When we turned over the last page and saw her marketing twist about going to… we just roared with laughter. She truly is her father’s child.


When companies listen

I think the most powerful thing I do at YS is listen. Sure, I know what it’s like to be a youth pastor. Sure, I know some skills and tricks for building websites. Sure, I know a little about engaging with people in the realm of social media.

Above all else… I am careful to listen 10x’s more than I speak. I read hundreds of blogs. I monitor dozens of Google alerts. I scan through thousands of tweets and Facebook status’ every day.

How else am I supposed to tell the difference between someone complaining about a flight to Miami starting too late and an opportunity to host a cross-Atlantic dance party?

Too many people/companies/brands/organizations/churches/celebrities use Twitter and Facebook like a customer list. They do whatever they can to build massive followings because someone in their marketing department thinks that making money has something to do with the size of your lists.

In fact, the single most powerful thing any organization can do is listen.

ht to The Next Web & Carol Phillips

Church Leadership

What does the Easter Mayhem teach us?

Several weeks have now passed since Easter. My hope is that by now, church leaders are scratching their heads and wondering if it was all worth it.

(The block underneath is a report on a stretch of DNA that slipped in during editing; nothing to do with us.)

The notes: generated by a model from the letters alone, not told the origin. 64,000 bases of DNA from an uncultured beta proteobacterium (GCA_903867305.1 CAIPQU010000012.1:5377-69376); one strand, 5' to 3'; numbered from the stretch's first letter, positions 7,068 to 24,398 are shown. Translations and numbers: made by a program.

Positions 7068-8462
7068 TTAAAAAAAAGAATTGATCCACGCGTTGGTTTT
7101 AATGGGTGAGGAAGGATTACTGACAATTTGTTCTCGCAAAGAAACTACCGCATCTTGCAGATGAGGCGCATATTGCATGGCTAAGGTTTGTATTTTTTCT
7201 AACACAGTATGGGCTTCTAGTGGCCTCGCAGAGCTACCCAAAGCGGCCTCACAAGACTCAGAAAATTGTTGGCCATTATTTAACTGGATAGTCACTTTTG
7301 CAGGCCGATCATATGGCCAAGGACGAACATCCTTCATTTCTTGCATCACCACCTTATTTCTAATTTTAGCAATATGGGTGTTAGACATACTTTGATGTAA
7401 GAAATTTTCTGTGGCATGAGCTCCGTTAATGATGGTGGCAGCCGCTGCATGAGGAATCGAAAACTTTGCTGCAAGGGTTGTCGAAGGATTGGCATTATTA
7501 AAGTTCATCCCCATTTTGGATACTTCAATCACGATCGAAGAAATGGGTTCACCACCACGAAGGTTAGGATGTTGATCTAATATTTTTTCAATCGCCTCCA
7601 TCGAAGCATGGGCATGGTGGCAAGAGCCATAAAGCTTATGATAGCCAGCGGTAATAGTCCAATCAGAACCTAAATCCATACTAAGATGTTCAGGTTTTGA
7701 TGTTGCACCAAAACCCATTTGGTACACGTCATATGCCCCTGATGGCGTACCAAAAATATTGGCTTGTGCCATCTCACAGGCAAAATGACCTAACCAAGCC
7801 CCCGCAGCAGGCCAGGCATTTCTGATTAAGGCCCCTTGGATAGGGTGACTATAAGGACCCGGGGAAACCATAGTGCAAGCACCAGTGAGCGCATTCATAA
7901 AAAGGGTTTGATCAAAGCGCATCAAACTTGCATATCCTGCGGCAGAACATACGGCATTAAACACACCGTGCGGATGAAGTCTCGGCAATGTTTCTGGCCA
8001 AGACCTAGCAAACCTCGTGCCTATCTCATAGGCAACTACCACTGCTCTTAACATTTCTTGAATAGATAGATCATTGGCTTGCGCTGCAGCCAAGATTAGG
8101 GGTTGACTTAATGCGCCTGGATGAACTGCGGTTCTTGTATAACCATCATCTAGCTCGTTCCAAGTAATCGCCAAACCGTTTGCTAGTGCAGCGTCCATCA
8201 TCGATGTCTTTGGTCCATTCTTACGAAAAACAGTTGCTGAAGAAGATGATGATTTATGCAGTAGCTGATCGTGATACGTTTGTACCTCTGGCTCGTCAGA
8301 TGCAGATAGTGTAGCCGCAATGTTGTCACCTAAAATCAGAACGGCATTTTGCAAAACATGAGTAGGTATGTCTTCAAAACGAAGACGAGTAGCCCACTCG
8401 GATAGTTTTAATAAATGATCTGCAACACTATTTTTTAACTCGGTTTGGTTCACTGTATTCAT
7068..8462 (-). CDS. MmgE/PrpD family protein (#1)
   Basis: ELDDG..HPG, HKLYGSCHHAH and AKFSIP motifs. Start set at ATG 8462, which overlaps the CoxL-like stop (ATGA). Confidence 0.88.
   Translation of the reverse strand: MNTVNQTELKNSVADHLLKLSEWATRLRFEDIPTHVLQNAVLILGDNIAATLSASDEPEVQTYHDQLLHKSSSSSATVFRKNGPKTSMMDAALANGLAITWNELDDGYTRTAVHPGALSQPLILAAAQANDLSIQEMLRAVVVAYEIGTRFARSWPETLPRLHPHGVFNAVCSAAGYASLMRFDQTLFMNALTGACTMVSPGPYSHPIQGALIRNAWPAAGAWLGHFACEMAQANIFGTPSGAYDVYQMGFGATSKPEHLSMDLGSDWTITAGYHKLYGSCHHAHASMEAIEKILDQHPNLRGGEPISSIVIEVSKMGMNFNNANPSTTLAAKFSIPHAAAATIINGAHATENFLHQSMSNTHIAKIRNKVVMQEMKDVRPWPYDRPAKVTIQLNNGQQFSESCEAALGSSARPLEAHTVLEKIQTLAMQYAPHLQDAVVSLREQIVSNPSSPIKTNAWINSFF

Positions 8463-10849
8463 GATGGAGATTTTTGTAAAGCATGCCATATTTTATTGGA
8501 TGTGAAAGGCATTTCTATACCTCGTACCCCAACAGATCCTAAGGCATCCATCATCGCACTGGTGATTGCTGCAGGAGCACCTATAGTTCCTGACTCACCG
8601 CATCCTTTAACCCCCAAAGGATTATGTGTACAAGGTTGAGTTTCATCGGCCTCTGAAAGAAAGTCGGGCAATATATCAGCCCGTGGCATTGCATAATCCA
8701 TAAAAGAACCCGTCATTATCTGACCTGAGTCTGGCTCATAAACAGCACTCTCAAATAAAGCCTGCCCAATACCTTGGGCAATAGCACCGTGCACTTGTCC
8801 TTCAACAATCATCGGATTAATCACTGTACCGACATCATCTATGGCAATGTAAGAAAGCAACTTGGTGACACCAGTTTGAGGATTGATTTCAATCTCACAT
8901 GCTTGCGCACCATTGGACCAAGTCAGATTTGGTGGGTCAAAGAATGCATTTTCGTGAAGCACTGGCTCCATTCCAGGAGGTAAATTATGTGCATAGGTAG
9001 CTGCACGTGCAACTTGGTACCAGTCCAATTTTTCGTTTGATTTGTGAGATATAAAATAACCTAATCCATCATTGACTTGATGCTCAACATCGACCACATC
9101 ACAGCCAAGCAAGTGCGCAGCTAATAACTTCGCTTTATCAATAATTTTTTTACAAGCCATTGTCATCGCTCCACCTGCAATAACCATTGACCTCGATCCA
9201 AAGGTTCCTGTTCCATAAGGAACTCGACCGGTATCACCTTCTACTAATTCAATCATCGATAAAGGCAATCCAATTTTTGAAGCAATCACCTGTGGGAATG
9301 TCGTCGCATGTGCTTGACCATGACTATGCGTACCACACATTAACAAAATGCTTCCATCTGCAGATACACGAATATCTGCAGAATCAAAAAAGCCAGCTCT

Easter mayhem?

A lot, LOT, of churches consider Easter to be a day for growth. For church marketing types, it is Super Bowl Sunday. With the highest attendance of the year the attitude seems to be “Since lots of people are coming let’s do something awesome and maybe those visitors will come back!

And boy do churches go all out. They alter the schedule. They plan a special service. The kids ministry is amped up. There are meetings about the big day. There is a special marketing plan for the day. There are mailers and prizes and flowers and bands and rehearsals and... then it’s over.

Somehow in the middle of this we try to be somber and remember that Our Lord was crucified and three days later resurrected! But the truth is that staff at those churches are hyped up on adrenaline and hope that this is the year that they will reach a new attendance record.